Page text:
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There are a few main characters in this book. For the sake of this blog not being a novel, I am only going to focus on who I thought were the important ones.

I liked Robby. What started off as a simple errand to give Ashlord a parcel ended up being so much more. He had no clue that going into that castle would start a series of events that would change his life. He was a great son and a good friend. I did like the hints that the author slipped into the book about who he was. Tiny little hints that didn’t make sense as a was reading the book but made perfect sense now that I have finished it.

I had a hard time trying to figure out exactly how Shelia figured into this story. I know that she is Robby’s love interest. I also know that she is as tough because of her upbringing. I also know that her time with Ashlord was used to smooth her rough edges. But why? What part is she going to play in Robby’s quest? Also, who exactly was she? She was brought to her uncle at a very young age. Her memories of her parents are very vague. I have a feeling that her heritage is very much like Robby’s.

I am a huge fan of fantasy. Huge. I have read The Lord of the Rings trilogy, The Hobbit and almost all Terry Goodkind’s The Sword of Truth series. I can see The Year of the Red Door series being as good as the books I mentioned above. If The Bellringer is any sign, this will be a series to watch.

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Photo Credit

The only complaint I have about The Bellringer is that it does get off to a very slow start in the beginning. But once Robby rings the bell, the book starts to pick up the pace and by the time Barley gets invaded, the book is running. So be warned if you don’t like books that don’t get off to a running start. But, this is a book that is worth the slow start.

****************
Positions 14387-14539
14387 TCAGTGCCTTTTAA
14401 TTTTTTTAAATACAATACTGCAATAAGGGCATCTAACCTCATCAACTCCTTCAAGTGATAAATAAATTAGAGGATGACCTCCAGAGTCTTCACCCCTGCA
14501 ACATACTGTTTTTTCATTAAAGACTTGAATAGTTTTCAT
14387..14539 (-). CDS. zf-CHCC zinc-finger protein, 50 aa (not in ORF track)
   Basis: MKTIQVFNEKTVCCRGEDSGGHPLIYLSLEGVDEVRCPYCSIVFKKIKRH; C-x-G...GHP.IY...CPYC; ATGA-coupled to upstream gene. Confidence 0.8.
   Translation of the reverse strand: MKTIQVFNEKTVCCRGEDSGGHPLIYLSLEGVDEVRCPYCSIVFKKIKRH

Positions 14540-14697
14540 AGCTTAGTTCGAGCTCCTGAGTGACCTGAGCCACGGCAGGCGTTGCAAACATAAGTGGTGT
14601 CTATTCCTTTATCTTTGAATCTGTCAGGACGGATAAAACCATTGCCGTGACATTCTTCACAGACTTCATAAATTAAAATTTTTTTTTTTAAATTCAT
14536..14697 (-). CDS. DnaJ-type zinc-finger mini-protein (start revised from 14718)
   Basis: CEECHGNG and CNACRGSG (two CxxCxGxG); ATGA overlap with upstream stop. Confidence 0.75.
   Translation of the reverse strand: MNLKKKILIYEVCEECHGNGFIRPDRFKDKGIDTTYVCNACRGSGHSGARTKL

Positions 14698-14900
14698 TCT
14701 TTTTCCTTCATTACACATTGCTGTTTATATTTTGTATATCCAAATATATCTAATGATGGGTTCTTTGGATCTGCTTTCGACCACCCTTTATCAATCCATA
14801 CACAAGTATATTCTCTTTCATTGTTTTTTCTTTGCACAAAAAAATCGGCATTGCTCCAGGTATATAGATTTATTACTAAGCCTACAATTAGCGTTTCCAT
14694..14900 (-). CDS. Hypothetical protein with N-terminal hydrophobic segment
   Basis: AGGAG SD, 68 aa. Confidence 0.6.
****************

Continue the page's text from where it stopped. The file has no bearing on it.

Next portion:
I loved the character and world building in The Bellringer. Each character has multilayers to them. The world building is fantastic also. I loved that the author took the time to explain the history of the land. What I also liked is that there is a glossary at the end of the book. Any questions about any character, race, land can be answered there. It helped me when writing this review and when reading the book. There are maps of every country and continent talked about in the book. These maps came in very handy when I was reading the book. They put all the lands and countries in perspective for me. These maps and much more can be found at the website,

The Bellringer didn’t end on a happy note. There were lives lost, people presumed missing and a quest that needs to be taken. No matter how unwilling the person is. While some storylines were wrapped up, other ones were left up in the air. I loved it!! The way the book ends made me want to run and get book 2 right away.

4 stars

My Summary of The Bellringer:

I enjoyed reading The Bellringer. While slow to start, when the book got going, it took me on a journey. It had memorable characters, both main and secondary. The plotlines were fantastic. I would recommend this book to anyone who loves fantasy.

Will I reread: Yes

Will I recommend to family and friends: Yes

Age range: Adult

Why: Violence, mild language. No sex but there is talk of rape by an uncle

I would like to thank William Timothy Murray and Penflight Books for allowing me to read and review The Bellringer

All opinions stated in this review of The Bellringer are mine. I also did not receive any compensation for this review.

**I received a free copy of this book and volunteered to review it**